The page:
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Nicotinic acid receptor abnormalities in human skin cancer: implications for a role in epidermal differentiation.

Bermudez Y, Benavente CA, Meyer RG, Coyle WR, Jacobson MK, Jacobson EL - PLoS ONE (2011)

Bottom Line: Receptor transcripts are greatly over-expressed in squamous cell cancers.In normal human primary and immortalized keratinocytes, nicotinic acid receptors show plasma membrane localization and functional G(i)-mediated signaling.The results of these studies justify future genetic and pharmacological intervention studies to define possible specific role(s) of nicotinic acid receptors in human skin homeostasis.

View Article: PubMed Central - PubMed

Affiliation: Arizona Cancer Center and Department of Pharmacology and Toxicology, College of Pharmacy, University of Arizona, Tucson, Arizona, United States of America.

ABSTRACT

Background: Chronic UV skin exposure leads to epidermal differentiation defects in humans that can be largely restored by pharmacological doses of nicotinic acid. Nicotinic acid has been identified as a ligand for the human G-protein-coupled receptors GPR109A and GPR109B that signal through G(i)-mediated inhibition of adenylyl cyclase. We have examined the expression, cellular distribution, and functionality of GPR109A/B in human skin and skin derived epidermal cells.

Results: Nicotinic acid increases epidermal differentiation in photodamaged human skin as judged by the terminal differentiation markers caspase 14 and filaggrin. Both GPR109A and GPR109B genes are transcribed in human skin and in epidermal keratinocytes, but expression in dermal fibroblasts is below limits of detection. Receptor transcripts are greatly over-expressed in squamous cell cancers. Receptor protein in normal skin is prominent from the basal through granular layers of the epidermis, with cellular localization more dispersive in the basal layer but predominantly localized at the plasma membrane in more differentiated epidermal layers. In normal human primary and immortalized keratinocytes, nicotinic acid receptors show plasma membrane localization and functional G(i)-mediated signaling. In contrast, in a squamous cell carcinoma derived cell line, receptor protein shows a more diffuse cellular localization and the receptors are nearly non-functional.

Conclusions: The results of these studies justify future genetic and pharmacological intervention studies to define possible specific role(s) of nicotinic acid receptors in human skin homeostasis.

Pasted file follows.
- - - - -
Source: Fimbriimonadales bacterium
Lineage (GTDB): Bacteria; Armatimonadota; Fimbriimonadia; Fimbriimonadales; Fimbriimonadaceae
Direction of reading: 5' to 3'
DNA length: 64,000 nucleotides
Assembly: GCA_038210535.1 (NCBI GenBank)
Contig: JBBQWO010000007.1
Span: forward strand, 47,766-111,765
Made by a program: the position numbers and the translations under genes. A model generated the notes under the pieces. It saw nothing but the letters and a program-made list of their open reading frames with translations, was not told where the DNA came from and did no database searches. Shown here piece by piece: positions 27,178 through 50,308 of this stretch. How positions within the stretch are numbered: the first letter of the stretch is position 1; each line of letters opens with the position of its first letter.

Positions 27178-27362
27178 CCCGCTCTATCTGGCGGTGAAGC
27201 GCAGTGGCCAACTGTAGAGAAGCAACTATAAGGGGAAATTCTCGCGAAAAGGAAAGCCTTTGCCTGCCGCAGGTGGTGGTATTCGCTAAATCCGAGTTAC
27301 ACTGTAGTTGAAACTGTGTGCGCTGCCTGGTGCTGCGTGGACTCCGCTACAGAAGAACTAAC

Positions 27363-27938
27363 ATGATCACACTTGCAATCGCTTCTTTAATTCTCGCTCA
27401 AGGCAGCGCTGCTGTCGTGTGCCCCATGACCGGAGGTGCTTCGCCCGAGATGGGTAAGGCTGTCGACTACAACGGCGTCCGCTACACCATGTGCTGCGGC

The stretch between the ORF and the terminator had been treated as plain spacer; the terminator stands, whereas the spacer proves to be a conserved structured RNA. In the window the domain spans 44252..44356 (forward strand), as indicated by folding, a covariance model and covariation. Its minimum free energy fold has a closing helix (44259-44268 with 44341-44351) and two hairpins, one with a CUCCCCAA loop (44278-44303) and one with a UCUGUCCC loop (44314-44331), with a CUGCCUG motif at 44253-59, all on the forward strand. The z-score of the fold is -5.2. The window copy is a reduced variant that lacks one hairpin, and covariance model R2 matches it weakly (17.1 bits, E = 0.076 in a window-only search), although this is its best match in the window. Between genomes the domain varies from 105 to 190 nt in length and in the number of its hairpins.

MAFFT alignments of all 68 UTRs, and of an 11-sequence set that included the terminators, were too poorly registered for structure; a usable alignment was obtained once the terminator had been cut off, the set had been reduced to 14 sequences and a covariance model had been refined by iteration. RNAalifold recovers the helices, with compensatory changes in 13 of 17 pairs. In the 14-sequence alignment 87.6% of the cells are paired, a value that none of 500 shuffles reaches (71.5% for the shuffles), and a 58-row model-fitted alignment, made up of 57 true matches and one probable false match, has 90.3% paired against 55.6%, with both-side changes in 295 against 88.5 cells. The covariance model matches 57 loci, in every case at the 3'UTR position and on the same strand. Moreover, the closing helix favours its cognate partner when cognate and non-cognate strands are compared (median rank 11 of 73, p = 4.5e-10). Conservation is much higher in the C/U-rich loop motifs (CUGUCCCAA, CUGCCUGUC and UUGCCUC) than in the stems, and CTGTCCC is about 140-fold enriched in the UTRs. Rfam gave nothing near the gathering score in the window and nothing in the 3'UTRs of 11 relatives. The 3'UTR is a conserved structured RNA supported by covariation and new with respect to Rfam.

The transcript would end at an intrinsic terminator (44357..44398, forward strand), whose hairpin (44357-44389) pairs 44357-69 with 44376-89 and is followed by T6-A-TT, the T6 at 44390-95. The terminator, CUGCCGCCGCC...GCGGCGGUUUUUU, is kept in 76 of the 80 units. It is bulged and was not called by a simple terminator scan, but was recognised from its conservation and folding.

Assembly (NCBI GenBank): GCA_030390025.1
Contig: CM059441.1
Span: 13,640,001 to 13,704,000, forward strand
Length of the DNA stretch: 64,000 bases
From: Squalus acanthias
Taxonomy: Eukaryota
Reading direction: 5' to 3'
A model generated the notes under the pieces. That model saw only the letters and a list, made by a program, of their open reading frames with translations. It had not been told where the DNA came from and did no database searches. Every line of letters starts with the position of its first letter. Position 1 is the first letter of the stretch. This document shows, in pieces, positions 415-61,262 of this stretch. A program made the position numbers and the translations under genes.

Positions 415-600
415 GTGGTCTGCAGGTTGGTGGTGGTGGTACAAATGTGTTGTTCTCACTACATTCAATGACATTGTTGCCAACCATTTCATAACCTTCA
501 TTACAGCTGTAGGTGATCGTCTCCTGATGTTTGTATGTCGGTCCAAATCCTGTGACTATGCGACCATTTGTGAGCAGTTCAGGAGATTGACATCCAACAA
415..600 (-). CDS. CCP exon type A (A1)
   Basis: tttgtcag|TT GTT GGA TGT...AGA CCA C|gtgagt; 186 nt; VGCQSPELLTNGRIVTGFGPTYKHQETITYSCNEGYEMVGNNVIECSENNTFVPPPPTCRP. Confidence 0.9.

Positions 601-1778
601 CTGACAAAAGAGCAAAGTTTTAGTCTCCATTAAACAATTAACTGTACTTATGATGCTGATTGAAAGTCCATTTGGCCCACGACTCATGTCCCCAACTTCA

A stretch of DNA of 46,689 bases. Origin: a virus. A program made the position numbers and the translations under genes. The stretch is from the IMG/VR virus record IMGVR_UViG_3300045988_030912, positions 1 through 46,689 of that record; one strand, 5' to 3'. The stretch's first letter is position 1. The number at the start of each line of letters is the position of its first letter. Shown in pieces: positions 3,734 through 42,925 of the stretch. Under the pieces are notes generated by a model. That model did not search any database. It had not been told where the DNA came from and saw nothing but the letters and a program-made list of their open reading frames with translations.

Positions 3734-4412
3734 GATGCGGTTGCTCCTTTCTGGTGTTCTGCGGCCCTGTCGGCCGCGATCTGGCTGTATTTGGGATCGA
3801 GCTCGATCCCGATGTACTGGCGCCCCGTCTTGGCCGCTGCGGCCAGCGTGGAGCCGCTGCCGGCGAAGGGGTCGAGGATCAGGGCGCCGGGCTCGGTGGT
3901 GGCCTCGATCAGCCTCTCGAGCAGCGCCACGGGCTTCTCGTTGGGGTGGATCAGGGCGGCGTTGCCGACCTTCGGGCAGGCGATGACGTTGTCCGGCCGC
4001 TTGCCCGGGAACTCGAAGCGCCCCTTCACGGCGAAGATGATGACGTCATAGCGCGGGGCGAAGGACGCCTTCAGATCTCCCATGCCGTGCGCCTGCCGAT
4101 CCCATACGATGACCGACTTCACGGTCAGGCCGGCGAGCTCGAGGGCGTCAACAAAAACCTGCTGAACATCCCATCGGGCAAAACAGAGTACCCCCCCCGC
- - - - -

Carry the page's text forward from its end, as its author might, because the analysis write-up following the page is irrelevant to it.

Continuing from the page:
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Related in: MedlinePlus

GPR109A/B genes are transcribed and translated in human skin cells.Panel A: qRT-PCR was performed on total RNA from normal human epidermal keratinocytes (NHEK), immortalized human epidermal keratinocytes (HaCaT), immortalized Ras-transformed human epidermal keratinocytes (Ras-transformed HaCaT), human epidermoid carcinoma cells (A-431), squamous cell carcinoma cells (SCC-25), and human diploid fibroblasts (CF3), using probes specific for GPR109A (dark grey columns) and GPR109B (light grey columns) receptors. Students t-test was used to compare to NHEK, * p≤0.05. Panels B and C: Protein Expression of GPR109A and GPR109B in Human Skin Cells. Cell extracts from NHEK (lane 1), HaCaT (lane 2), Ras-transformed HaCaT (lane 3), A-431 (lane 4), and SCC-25 (lane 5) were subjected to SDS-PAGE and Western immunoblot analyses using an antibody against GPR109A/B pre-incubated in the absence (panel B) or presence (panel C) of 1000-fold excess peptide against which the antibody was generated relative to purified antibody. β-Actin was used as a loading control for Western immunoblot analyses. One representative blot is shown of three independent experiments. The relative densities were quantified using ImageJ. Graphical representation shows the average densitometric units of three independent experiments. Students t-test was used to compare to NHEK, * p≤0.05.
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pone-0020487-g003: GPR109A/B genes are transcribed and translated in human skin cells.Panel A: qRT-PCR was performed on total RNA from normal human epidermal keratinocytes (NHEK), immortalized human epidermal keratinocytes (HaCaT), immortalized Ras-transformed human epidermal keratinocytes (Ras-transformed HaCaT), human epidermoid carcinoma cells (A-431), squamous cell carcinoma cells (SCC-25), and human diploid fibroblasts (CF3), using probes specific for GPR109A (dark grey columns) and GPR109B (light grey columns) receptors. Students t-test was used to compare to NHEK, * p≤0.05. Panels B and C: Protein Expression of GPR109A and GPR109B in Human Skin Cells. Cell extracts from NHEK (lane 1), HaCaT (lane 2), Ras-transformed HaCaT (lane 3), A-431 (lane 4), and SCC-25 (lane 5) were subjected to SDS-PAGE and Western immunoblot analyses using an antibody against GPR109A/B pre-incubated in the absence (panel B) or presence (panel C) of 1000-fold excess peptide against which the antibody was generated relative to purified antibody. β-Actin was used as a loading control for Western immunoblot analyses. One representative blot is shown of three independent experiments. The relative densities were quantified using ImageJ. Graphical representation shows the average densitometric units of three independent experiments. Students t-test was used to compare to NHEK, * p≤0.05.

Mentions: Various skin cell lines were examined by qRT-PCR for GPR109A/B gene expression and the results were compared relative to normal primary human epidermal keratinocytes (NHEK). Immortalized epidermal keratinocytes (HaCaT cells), tumorigenic epidermal keratinocytes (Ras-transformed HaCaT), an epidermoid vulva carcinoma-derived cell line previously reported to contain nicotinic acid receptors (A-431), and a human squamous cell carcinoma cell line (SCC-25) express mRNA for both receptors (Fig. 3A). Over-expression relative to NHEK is observed up to 40-fold in skin cancer cells as compared to NHEK (Fig. 3A). In contrast, expression of nicotinic acid receptors in dermis-derived normal human diploid fibroblasts (CF3) is undetectable.